John Major's appeasement may be seen as too little too late, only raising the question: why not do away with the monarchy altogether? The problem for the royals is that there is little they (or their apologists) can do to reverse a strong anti-monarchist trend.
The British are simply less deferential than they used to be. Magic no longer rules, tradition ('it's always been there') and Ruritanian pomp are no longer sufficient. People want to know the rationale for institutions, particularly those they fund and to which they supposedly owe loyalty.
More ominous still for the Royal Family are the changing attitudes of Britain's commercial and media elites. They reflect a growing sensibility that the monarchy, with its antique social habits and its indifference to merit, sets the wrong values for a country trying to compete in the modern world.
The British are, in a sense, schizophrenic about the monarchy. We live a double constitutional life, officially as loyal subjects owing fealty to a medieval institution, unofficially as a modern people in a republic. We proclaim all the republican values: we believe in 'government by the people' while possessing no entrenched rights against the state and being owned by the crown; we talk incessantly of that most republican of ideas, 'citizenship', yet remain subjects of Her Majesty; we believe in the separation of church and state while continuing with an established church.
So why do we stop short of a clean break with the royal state? Why are even progressive opinion-makers reluctant to embrace republicanism? Politicians are aware that a crucial (though diminishing) voting bloc of older people see the Royal Family as a familiar landmark, and associate the Queen with their own lives: they would be offended by republicanism, and consider it unpatriotic. But this sentiment may be weaker than we think. After all, this section of the population was encouraged to see the Royal Family as moral exemplars.
Many of the Ruritanian pageants of modern royalty, such as the trooping the colour, are not 'traditional' but were part of its attempted reinvention dating all the way back to the late 19th century. Nor are they as 'English' as many of our great republicans such as Tom Paine, John Stuart Mill, William Thackeray, and Oliver Cromwell.
At the heart of resistance to republicanism is a deep cultural provincialism. It takes two forms. First there is the 'England is England and nothing can possibly change in it' school. It argues that the English, unlike everyone else, possess what amounts to a DNA structure that makes them pathologically resistant to change. Then there's the 'best in the world' school, which believes that British institutions (all of them, believe it or not, including the courts) are superior to those on the mainly republican Continent.
Yet cultural provincialism is being eroded even as I write. On the grand level, Europe's republican institutions are at our shores and global communication and information systems erode our sense of being special. More Britons travel to republics - France, Germany, the United States - where it is clear that the sky does not cave in without hereditary heads of state.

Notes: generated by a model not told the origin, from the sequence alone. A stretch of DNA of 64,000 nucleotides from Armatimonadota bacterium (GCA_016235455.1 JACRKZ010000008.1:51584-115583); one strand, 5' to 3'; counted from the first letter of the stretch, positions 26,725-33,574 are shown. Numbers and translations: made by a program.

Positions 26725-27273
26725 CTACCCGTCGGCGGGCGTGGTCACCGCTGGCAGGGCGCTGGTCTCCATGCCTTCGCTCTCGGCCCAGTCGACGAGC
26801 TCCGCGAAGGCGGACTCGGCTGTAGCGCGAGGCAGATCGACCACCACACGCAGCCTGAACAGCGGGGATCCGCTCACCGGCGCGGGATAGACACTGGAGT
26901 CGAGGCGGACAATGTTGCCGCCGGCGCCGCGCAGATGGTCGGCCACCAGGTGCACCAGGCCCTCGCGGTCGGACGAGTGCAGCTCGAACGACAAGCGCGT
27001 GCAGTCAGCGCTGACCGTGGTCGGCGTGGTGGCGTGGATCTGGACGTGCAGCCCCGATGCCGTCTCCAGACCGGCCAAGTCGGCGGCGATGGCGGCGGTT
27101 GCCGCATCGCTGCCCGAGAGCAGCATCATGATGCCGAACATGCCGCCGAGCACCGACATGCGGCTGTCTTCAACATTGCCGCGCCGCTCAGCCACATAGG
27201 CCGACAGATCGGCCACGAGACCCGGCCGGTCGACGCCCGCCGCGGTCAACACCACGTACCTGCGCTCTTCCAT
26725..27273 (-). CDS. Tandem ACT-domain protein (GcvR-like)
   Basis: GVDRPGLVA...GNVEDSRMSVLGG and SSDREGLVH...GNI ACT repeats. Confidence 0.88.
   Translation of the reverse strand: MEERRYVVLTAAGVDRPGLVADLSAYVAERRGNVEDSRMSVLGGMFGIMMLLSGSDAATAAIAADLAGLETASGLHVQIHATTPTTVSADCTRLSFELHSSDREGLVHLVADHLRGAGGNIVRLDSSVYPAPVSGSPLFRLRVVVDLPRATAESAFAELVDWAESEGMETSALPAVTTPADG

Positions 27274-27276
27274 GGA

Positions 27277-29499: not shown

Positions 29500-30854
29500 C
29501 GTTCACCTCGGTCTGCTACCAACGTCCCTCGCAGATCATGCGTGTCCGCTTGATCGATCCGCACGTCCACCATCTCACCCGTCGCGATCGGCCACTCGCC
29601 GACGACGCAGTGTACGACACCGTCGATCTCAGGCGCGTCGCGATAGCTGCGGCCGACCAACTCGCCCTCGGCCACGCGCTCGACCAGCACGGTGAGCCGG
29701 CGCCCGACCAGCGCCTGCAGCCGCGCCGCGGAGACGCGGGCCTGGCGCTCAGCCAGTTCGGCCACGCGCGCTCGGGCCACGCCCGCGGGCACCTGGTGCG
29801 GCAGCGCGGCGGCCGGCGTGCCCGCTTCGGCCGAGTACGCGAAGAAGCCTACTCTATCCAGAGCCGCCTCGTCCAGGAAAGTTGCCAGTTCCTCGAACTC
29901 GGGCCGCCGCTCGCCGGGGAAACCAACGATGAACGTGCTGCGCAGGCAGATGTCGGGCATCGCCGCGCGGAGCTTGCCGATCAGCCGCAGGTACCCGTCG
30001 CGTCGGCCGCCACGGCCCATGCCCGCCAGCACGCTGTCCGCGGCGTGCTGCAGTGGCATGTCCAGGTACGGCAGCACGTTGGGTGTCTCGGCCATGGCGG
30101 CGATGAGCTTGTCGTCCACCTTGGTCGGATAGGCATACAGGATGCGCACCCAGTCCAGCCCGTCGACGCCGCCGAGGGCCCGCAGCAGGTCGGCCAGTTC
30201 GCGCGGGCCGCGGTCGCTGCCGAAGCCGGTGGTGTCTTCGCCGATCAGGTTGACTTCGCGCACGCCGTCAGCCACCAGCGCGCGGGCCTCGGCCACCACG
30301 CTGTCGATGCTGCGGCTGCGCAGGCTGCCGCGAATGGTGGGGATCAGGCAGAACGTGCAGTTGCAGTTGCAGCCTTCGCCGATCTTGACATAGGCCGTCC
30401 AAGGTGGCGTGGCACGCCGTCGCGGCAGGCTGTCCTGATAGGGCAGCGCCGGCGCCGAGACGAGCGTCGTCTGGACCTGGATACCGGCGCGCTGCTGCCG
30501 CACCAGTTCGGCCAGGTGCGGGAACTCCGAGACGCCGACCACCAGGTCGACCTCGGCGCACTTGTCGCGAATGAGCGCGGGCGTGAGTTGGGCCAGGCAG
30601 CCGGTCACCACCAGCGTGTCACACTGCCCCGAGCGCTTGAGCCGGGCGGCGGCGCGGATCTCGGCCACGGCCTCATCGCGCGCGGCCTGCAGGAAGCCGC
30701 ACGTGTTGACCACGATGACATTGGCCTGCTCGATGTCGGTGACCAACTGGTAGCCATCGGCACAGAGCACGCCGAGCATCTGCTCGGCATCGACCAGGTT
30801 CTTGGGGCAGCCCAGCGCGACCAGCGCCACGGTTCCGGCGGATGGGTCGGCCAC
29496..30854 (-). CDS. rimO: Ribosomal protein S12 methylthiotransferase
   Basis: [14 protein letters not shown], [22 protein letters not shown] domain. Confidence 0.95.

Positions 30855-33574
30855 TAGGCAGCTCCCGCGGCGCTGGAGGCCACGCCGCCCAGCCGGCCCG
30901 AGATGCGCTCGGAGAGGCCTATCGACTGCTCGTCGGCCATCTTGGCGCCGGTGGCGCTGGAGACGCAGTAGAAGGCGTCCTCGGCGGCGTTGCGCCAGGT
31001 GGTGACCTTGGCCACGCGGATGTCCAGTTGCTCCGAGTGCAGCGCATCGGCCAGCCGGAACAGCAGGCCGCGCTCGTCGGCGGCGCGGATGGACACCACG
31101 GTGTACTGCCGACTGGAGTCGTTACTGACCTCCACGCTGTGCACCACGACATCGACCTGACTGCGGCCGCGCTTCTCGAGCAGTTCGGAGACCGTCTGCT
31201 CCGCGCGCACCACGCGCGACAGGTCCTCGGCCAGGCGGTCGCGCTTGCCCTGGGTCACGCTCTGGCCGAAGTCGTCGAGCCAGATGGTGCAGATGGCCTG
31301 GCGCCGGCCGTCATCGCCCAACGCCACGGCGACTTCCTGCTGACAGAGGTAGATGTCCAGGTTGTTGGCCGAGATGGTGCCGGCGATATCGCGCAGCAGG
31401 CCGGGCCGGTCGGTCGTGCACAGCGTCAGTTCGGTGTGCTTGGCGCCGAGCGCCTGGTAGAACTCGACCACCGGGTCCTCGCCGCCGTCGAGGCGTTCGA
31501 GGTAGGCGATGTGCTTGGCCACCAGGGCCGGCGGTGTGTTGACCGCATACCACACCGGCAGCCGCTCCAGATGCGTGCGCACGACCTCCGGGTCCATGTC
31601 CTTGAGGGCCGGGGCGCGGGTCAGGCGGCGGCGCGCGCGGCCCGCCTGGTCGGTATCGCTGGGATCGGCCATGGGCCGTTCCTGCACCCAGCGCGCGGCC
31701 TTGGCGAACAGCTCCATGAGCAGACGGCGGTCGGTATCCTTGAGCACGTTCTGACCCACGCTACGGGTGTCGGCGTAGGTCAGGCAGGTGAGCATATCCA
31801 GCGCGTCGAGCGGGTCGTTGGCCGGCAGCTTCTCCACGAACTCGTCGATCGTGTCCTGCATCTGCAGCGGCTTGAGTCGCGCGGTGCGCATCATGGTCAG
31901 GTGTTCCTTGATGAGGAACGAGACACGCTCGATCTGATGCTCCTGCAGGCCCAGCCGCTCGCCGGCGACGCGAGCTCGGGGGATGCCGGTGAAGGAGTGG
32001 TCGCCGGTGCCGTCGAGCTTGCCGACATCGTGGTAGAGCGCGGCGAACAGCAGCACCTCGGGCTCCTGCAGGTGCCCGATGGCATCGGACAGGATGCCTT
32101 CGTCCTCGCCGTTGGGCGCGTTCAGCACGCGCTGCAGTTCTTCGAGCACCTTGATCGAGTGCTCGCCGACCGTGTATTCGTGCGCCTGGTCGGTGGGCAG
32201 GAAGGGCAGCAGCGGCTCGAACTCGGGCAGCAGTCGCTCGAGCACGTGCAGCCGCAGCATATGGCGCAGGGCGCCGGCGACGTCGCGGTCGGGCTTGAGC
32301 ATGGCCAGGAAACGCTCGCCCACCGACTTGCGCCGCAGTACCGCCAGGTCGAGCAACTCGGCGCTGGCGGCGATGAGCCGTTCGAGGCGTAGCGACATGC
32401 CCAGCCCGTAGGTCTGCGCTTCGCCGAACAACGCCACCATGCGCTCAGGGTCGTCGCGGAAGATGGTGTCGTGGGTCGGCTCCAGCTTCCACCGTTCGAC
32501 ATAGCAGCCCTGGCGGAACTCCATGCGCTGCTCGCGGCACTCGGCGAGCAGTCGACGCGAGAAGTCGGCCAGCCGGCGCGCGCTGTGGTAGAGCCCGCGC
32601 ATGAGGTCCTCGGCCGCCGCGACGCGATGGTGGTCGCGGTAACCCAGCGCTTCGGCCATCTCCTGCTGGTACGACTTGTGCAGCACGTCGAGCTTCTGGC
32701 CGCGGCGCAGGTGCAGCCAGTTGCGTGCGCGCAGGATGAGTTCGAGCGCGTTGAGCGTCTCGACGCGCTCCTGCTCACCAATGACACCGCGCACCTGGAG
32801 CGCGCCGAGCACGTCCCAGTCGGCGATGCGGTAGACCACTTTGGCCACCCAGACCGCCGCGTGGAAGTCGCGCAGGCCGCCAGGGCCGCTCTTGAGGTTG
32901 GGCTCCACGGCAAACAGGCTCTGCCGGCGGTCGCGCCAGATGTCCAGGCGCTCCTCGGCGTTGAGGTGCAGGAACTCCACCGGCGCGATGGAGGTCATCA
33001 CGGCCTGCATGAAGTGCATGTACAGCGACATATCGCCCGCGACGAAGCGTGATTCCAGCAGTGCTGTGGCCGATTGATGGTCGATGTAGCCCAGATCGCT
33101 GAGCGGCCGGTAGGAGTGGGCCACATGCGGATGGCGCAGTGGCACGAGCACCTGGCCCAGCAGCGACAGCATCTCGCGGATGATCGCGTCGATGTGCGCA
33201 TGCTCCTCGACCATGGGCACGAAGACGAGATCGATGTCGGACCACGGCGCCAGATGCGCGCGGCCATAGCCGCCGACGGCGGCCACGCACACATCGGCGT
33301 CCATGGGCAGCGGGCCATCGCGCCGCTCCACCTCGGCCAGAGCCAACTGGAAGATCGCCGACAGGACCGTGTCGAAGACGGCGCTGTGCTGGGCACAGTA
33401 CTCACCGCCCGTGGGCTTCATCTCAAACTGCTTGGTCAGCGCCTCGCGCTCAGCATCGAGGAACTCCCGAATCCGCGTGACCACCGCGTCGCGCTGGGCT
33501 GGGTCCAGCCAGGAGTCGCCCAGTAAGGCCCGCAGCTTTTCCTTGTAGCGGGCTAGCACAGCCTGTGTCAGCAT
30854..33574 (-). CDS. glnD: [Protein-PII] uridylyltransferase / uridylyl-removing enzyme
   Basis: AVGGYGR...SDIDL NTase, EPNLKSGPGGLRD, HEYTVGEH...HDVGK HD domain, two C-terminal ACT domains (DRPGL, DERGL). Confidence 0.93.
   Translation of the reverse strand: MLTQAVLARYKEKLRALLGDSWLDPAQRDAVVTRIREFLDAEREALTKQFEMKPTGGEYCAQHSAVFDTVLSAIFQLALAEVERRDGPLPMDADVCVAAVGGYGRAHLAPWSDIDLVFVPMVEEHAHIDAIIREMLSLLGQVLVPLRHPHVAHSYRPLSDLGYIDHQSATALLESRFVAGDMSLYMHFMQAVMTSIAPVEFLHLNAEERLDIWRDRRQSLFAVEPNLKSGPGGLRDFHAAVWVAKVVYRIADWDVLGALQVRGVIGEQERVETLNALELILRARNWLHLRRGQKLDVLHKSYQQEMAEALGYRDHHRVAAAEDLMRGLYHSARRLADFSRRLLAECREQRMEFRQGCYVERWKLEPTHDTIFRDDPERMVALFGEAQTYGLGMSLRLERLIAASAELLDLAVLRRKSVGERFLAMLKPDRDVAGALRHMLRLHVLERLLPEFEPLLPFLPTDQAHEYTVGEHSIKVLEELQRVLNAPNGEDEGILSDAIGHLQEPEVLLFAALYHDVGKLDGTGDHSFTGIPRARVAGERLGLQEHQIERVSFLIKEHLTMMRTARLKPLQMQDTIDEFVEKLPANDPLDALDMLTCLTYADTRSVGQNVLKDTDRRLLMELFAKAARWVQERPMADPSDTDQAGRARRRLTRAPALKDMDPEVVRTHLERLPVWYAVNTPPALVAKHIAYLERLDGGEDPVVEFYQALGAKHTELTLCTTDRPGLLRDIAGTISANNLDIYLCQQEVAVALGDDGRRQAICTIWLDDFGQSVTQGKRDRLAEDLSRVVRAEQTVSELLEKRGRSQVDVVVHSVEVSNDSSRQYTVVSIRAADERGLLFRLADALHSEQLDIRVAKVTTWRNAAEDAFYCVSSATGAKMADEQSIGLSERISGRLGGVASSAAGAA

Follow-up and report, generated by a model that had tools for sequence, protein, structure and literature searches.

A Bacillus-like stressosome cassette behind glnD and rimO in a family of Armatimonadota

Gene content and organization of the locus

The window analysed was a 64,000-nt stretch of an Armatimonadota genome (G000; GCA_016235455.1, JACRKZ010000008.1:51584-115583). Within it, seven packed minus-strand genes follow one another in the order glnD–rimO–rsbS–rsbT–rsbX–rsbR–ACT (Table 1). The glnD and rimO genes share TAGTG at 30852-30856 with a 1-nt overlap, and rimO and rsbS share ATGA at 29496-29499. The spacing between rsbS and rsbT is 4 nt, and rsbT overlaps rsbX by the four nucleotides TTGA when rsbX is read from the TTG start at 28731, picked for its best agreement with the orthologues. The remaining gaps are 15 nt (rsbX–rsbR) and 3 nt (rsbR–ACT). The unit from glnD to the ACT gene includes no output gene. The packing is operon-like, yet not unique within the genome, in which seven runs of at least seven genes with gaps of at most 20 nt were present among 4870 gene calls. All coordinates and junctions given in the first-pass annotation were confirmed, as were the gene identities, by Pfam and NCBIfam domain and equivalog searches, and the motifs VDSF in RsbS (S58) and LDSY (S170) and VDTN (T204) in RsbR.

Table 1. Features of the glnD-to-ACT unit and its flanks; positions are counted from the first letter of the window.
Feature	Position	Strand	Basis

The monarchy, of course, will be defended to the last by a series of national elites. The number of public figures who have taken an oath to the Queen is staggering. MPs, judges, officers in the armed forces, and a host of other public office holders have, at one time or another, pledged 'loyalty' to the Queen. Thus, they are all, in one sense, frozen in an earlier act of obeisance.
Also, a number of our elected politicians hope to spend their twilight years in the House of Lords and are aware that dismantling the monarchy would have a knock-on, or a 'knock-down', effect on the upper house. With so much potential patronage, status and income at stake it is hardly surprising that the House of Commons is largely silent on matters royal - and has colluded in the outrageous situation in which the parliamentary auditor is unable to survey, let alone criticise, the royal finances, although reports last week suggested this could change.
Yet more and more people, in parliament and outside, acknowledge that our constitution is outdated, but cannot think how a modern democratic republic would come about. Certainly there is no provision for amending Britain's unwritten constitution; so precedent would carry the day. All it would take is a Bill passed by the House of Commons. Lords and monarch would be challenged to sign it.
How realistic a future is this? It seems unlikely that in the early years of the 21st century there will be much of a national consensus in favour of a new 'reign' of Charles III. Over the next few years we should outline a written republican constitution to be implemented when the reign of Elizabeth II comes to an end.
It will be a liberating experience to be a citizen of the republic of Britain. In Walter Bagehot's great phrase we can walk 'by the light of our own eyes'. Such a cultural revolution may even help the economy. Little else does.
The author's book, 'Britain: A European Republic', will be published next year.
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